This is only part of the story.

Let’s not forget that Zahawi – through his lawyers – aggressively threatened Neidle with defamation proceedings when he raised these issues.

Given what we now know Zahawi must have known (given the admitted fact of the tax settlement and the penalty payment), it is very difficult to understand how Zahawi could have seriously believed he had even the faintest speck of a genuine defamation claim.

The fact that Zahawi would use the legal system in this way says a lot about his character. And I don’t think I particularly want that sort of a character at the heart of government.

Pensions Lawyer

Speaking of conflicts – don’t City tax lawyers spend their careers advising high paying clients on how best to legally avoid paying tax? Seems a bit hypocritical doesn’t it ? I’m not a tax lawyer so not going to claim I know the details of their roles but that’s what I’ve always thought.

Tax NQ

You need to shut the f up. There is a reason why tax lawyers are the brightest in the City and why you clearly have no idea what a tax lawyer does. The one saving grace for you is that pensions lawyers are also smart – just not as smart as tax lawyers- but still way above the competency of any banking or corporate lawyers who are simply glorified overpaid transaction managing paper pushers !

Jeremy

Lol agree with the bit about banking and corporate lawyers. You don’t need to be a lawyer to be a half decent banking or corporate associate.

Anon

Anyone else read this in Donald Trump’s voice?

I am simply the greatest tax lawyer ! I like commercial, I think they’re okay – they think I’m great, but I think they’re okay. You can’t do that!!

Questioning the clueless man

Tax is the brightest? What about regulatory and restructuring?

Entertained

Regs and restructuring lawyers are also smart – but not as smart as tax lawyers I’m afraid. But at the end of the day not everyone can be number one, and that’s fine if you’re not an insecure delusional first year law undergrad like most of the people who comment on this site.

Sue Me

Everyone knows that litigation is the brains trust and operate as the de facto department of hard questions. The rest of the firm are great at populating templates.

Criminal defence lawyer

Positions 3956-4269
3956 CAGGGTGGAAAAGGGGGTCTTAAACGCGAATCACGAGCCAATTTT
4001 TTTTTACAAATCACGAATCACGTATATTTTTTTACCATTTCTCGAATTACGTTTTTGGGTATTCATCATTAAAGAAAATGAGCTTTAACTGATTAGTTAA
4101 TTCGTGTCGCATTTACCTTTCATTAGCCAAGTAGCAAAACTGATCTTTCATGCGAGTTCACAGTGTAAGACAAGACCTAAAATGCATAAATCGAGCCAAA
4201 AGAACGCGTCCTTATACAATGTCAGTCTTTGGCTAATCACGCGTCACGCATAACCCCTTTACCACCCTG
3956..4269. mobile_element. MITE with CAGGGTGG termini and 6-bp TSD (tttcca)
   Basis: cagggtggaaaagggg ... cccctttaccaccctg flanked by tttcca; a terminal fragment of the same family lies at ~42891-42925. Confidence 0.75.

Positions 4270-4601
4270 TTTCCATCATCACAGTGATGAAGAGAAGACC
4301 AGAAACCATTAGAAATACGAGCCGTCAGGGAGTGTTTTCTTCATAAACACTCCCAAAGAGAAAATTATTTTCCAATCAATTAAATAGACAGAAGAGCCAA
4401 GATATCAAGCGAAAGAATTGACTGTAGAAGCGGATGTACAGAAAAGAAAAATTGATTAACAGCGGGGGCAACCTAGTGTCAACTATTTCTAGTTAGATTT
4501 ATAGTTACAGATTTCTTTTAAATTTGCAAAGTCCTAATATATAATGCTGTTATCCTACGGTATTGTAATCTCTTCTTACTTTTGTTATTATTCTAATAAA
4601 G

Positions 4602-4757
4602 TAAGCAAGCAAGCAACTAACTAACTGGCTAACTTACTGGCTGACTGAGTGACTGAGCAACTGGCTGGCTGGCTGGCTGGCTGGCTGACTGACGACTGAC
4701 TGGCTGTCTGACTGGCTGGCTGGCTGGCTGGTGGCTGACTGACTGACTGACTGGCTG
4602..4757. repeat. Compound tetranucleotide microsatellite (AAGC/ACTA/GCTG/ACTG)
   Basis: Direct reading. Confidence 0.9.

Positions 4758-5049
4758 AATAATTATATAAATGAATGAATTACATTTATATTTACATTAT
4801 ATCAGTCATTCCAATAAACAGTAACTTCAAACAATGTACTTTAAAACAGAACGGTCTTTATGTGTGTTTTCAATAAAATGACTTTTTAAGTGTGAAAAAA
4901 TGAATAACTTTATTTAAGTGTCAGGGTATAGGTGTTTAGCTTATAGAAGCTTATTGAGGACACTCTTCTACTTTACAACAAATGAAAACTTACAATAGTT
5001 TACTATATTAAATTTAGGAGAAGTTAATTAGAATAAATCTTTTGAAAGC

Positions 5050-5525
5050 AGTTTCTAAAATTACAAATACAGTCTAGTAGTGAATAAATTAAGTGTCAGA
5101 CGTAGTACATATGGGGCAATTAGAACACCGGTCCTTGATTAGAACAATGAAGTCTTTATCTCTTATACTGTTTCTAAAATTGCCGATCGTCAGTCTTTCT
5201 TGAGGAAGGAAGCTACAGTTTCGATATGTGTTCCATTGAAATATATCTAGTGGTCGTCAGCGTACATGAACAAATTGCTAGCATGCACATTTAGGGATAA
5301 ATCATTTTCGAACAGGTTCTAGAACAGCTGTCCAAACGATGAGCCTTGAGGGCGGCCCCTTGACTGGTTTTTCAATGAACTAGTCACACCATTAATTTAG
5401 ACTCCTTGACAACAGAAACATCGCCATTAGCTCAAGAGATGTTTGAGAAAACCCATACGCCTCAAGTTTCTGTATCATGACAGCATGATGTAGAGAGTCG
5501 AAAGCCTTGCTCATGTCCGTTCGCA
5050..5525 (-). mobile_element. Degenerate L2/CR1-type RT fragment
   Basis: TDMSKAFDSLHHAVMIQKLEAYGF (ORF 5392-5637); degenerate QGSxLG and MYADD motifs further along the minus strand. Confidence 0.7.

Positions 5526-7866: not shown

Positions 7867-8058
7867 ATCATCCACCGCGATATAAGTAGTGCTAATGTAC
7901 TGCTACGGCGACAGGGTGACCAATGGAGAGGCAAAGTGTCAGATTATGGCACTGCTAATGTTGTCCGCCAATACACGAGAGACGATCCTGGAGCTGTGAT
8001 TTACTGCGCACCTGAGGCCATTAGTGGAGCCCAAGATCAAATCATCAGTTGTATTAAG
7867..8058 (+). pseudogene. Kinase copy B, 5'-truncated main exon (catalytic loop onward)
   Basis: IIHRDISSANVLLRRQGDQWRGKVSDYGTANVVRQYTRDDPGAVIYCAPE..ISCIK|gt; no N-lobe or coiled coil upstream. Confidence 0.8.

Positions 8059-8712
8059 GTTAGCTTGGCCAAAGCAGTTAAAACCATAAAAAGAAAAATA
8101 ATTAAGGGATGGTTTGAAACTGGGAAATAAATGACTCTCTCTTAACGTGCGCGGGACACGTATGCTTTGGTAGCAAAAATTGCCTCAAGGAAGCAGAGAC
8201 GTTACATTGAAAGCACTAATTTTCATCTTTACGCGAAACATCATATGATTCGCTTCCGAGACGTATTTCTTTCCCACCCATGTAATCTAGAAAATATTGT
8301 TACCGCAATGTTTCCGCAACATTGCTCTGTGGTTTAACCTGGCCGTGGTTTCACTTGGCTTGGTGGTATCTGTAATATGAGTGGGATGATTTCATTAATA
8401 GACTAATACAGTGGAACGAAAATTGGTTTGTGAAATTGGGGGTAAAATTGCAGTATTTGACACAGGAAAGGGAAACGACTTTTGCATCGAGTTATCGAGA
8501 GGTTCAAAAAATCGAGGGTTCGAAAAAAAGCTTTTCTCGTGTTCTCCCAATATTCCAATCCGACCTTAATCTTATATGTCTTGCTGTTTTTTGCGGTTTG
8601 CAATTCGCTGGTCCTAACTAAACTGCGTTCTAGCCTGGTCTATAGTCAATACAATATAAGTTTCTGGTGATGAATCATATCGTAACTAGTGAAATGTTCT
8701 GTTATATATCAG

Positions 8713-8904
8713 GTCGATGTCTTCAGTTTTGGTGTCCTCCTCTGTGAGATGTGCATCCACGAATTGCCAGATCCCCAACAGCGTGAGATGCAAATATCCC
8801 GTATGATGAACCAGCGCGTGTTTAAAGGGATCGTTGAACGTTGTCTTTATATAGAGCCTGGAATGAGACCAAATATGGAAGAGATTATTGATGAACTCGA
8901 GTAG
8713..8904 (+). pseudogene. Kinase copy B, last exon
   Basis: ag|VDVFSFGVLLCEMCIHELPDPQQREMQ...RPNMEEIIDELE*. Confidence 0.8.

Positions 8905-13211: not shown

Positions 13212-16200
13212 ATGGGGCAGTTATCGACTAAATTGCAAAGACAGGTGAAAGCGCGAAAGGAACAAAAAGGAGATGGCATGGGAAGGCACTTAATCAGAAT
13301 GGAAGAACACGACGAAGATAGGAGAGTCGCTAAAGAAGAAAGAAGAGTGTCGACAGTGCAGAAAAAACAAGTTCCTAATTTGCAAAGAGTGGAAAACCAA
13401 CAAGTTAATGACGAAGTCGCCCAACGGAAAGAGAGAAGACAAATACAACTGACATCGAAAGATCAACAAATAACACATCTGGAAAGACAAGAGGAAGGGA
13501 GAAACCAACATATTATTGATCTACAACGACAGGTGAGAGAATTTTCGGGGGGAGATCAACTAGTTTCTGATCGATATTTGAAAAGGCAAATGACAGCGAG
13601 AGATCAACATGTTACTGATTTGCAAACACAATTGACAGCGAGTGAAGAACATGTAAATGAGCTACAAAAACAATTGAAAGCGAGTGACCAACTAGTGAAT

You might want to base your opinions on your fellow professionals on something more than vague pop-culture assumptions. Otherwise, I dread to imagine what you think of me.

Kirkland Rainmaker

Respect to all criminal lawyers – if being a criminal lawyer didn’t mean I’d end up earning less than a thick as s*** banking NQ I’d probably have considered it as a career route quite strongly. I just wanted the Lambo too much though. Also don’t agree with the way Tax NQ expressed their point but I must admit tax lawyers are pretty god dam smart in comparison to most other City lawyer’s

Alan

Shame your alleged intelligence doesn’t go as far as learning how to use apostrophes.

Earl

Lol – attention to detail – the only value a banking associate can add to any transaction. Go back to your pre agreed LMA document sunshine – whilst you still can before your job inevitably becomes automated by computers. I mean seruously – given the LMA what is the point of banking lawyers now….

Anon

In a word, no (not any more, anyway). Clients are far more concerned with actually paying tax that is owed (including the moral / reputational aspects of that, not just what they can justify as legally due) than they are with tax avoidance, and the law has got to a point where there is so-much anti-avoidance legislation now that (a) most avoidance schemes don’t work, and (b) the job is so much more about navigating a minefield of complex rules to work out what the position is in the first place, than it is structuring to improve it.